Grant Rogers was born November 27, 1863, in a log cabin in Sullivan Co., Missouri. He came to Barber County in the early 1880s. He proved up a quarter of land west of Aetna, one in Haskell Co., and made the "run" into Oklahoma, but because of the good water he settled on the place known as the Ernest Kramer farm in Valley Township.
Willa Jane McCluny was born December 27, 1870, in Mifflin Co., Pennsylvania. When a young girl, she came with her Grandmother Lewis to Barber County. She attended school for several years at Medicine Lodge and later taught at Eldred School from 1890 to 1892. Her salary was $22.50 per month, for 2 and 3 month terms. She paid out the homestead property north of 99 Springs after the death of her grandmother.
Grant Rogers sold the Kramer place to his father and bought acreage adjoining Willa's in Elm Mills township.
Grant and Willa were married April 2, 1892. They had 7 children: Eugene Willard, William L., Ray E., Edna and Mary. Joe died at age 12, and another son died in infancy.
Grant taught school at Eldred 1895 to 1898. The next two years he taught at Amber, which was closer to his home. During this time, Eldred district consolidated with Amber and shared his $30.00 per month salary for 4 month terms.
The Rogers children all attended Amber grade, where the family was active in Literary Society, Sunday School and church held there.
When the older children were high school age, the family moved to Emporia, Kansas, to be educated. Grant had been active in getting the Amber district to consolidate with Isabel. Grant was a superb nurseryman and gardener. He established an orchard on his spring fed ground from grafts he ordered from Missouri. He sold his products in the area towns.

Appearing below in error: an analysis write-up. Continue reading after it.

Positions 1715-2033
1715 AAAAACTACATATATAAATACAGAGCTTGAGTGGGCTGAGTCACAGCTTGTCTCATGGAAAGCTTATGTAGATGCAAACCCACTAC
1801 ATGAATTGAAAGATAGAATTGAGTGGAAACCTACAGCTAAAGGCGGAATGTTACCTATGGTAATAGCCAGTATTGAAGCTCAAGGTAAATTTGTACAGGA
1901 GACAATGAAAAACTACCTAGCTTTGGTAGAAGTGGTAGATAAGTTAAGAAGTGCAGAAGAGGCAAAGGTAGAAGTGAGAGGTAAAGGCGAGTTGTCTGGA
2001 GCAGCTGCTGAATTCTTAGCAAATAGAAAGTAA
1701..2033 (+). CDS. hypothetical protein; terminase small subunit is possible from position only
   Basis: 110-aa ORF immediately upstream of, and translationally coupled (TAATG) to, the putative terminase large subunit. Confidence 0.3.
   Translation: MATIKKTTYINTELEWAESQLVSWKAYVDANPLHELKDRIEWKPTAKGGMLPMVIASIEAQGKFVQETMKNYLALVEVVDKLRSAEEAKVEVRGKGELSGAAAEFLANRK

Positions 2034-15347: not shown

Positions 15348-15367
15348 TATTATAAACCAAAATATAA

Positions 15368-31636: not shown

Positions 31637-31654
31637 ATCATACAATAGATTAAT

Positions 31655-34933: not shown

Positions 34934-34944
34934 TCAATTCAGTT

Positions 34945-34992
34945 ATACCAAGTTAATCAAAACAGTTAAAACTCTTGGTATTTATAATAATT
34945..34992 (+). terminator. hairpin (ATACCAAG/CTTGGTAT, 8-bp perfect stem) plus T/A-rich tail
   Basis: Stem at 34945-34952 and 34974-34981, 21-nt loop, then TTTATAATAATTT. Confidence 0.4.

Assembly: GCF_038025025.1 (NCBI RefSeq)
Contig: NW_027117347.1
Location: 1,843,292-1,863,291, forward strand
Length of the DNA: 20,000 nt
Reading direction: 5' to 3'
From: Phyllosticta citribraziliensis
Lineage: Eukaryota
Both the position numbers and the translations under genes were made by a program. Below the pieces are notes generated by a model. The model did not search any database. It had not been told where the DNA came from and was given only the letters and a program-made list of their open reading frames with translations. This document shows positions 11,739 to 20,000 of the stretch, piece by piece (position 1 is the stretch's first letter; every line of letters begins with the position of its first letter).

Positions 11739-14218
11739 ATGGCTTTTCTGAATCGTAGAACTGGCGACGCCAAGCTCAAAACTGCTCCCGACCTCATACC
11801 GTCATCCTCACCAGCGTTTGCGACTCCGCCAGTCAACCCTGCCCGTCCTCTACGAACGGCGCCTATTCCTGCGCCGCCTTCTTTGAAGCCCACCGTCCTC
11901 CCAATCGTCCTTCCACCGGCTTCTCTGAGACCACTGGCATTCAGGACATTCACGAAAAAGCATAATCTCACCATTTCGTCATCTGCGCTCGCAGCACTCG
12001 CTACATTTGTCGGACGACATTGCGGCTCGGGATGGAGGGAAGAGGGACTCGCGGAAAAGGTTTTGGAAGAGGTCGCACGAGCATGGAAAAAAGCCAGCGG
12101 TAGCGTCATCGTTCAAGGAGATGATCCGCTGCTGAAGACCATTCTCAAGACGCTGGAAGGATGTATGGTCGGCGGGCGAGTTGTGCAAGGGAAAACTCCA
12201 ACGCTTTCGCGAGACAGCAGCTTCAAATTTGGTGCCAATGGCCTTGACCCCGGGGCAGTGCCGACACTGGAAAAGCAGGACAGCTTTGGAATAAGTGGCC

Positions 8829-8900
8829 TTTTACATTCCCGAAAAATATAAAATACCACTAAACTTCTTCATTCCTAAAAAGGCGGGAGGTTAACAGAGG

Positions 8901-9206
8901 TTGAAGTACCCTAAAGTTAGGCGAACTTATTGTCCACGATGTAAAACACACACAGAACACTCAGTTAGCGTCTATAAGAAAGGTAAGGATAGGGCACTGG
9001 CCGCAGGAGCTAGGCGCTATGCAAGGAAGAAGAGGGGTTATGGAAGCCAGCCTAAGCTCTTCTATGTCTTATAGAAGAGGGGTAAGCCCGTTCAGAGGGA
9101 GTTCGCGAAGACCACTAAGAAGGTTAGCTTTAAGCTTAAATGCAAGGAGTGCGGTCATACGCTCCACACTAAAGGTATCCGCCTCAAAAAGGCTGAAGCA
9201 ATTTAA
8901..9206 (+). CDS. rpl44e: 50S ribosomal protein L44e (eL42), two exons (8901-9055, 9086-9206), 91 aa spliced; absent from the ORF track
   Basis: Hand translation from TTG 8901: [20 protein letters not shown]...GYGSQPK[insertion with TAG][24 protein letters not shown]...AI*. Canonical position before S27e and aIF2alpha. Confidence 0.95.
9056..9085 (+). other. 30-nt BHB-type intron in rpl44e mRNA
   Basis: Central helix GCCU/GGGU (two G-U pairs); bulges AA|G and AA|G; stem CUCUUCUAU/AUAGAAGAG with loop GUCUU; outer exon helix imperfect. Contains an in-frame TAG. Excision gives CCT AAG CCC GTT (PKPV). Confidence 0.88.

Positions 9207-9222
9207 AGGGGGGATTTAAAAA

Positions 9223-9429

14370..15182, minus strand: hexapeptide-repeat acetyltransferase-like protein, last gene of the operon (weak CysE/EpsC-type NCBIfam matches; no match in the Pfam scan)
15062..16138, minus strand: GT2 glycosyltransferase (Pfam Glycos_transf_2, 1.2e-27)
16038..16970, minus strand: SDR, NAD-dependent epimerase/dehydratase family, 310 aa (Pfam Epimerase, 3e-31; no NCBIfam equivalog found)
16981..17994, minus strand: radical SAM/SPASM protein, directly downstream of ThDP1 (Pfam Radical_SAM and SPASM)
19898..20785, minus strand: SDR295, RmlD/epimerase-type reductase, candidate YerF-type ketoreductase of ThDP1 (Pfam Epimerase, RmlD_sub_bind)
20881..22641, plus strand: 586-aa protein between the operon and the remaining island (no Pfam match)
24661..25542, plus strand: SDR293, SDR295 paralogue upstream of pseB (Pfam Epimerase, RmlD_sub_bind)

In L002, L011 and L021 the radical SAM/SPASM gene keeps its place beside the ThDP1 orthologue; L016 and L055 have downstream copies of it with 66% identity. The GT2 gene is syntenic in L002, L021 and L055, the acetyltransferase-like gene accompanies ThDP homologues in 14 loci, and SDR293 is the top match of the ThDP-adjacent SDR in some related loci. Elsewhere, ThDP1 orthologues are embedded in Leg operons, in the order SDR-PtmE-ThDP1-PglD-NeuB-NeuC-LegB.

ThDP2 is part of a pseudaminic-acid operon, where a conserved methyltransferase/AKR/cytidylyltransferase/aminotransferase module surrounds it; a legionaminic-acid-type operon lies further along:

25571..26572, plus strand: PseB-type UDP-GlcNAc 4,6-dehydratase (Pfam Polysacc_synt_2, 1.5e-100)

In the 1920's Eugene and Ray operated a mattress factory from the barn loft. They drove through the countryside picking up feather-beds, then making them into the more firm and comfortable feather mattresses. In the late 20's Eugene envisioned a resort area with a lake and golf course to the south of the Roger's home. He and his brother, Bill, took the idea to Medicine Lodge, Isabel, and Pratt, Within a few years the dream beame a 55 acre lake with swimming area, picnic grounds, a dance pavillion built over the water. Zeek Powell ran the concession stand. A flat bottom, power driven boat with a covered top offered relaxing cruse for a 10 cent fee. In those days there was also a golf course to the east of the lake, complete with a lovely play ground croquet court, and picnic area for children and elders alike. Eugene's dream originally had a beautiful club house at the golf course with a view of the Gyp Hills. This never materialized because the golf course was abandoned. The naming of the resort was left to Eugene's mother, Willa. She called it "99 Springs" and despite pressure for "Lake Medicine" she exerted her Irish and "99 Springs" is a thriving resort to this day. Before his death Eugene said "It is as beautiful as I dreamed it could be. I am glad so many are enjoying it." Willa died October 27, 1933. Grant continued to garden his beloved land he had sought for the good water. Grant was pleased when his grandchildren, Fern and Albert Heublein, moved to their homenear him. He enjoyed the young great-grandchildren and taught them to play dominoes and checkers as soon as they were old enought. Grant Rogers died in 1961, going on 98 years of age, having an alert mind until the last few months of his life.
Source:Chosen Land - Barber County, Kansas, pg. 390
Submitted by: Fern Heublein
Westville Reporter (OK)
February 16, 1962
Mr. and Mrs. J.V. PARKS have returned from Medicine Lodge, Kansas, where they were called by the serious illness and death of her father, Grant ROGERS.
Funeral service for Mr. ROGERS, 98, was held Thursday afternoon in the Methodist church at Isabel, Kan., with burial in the Isabel Cemetery.
Survivors other than Mrs. PARKS are two sons.
Submitted by M. Lockett 12/15/2010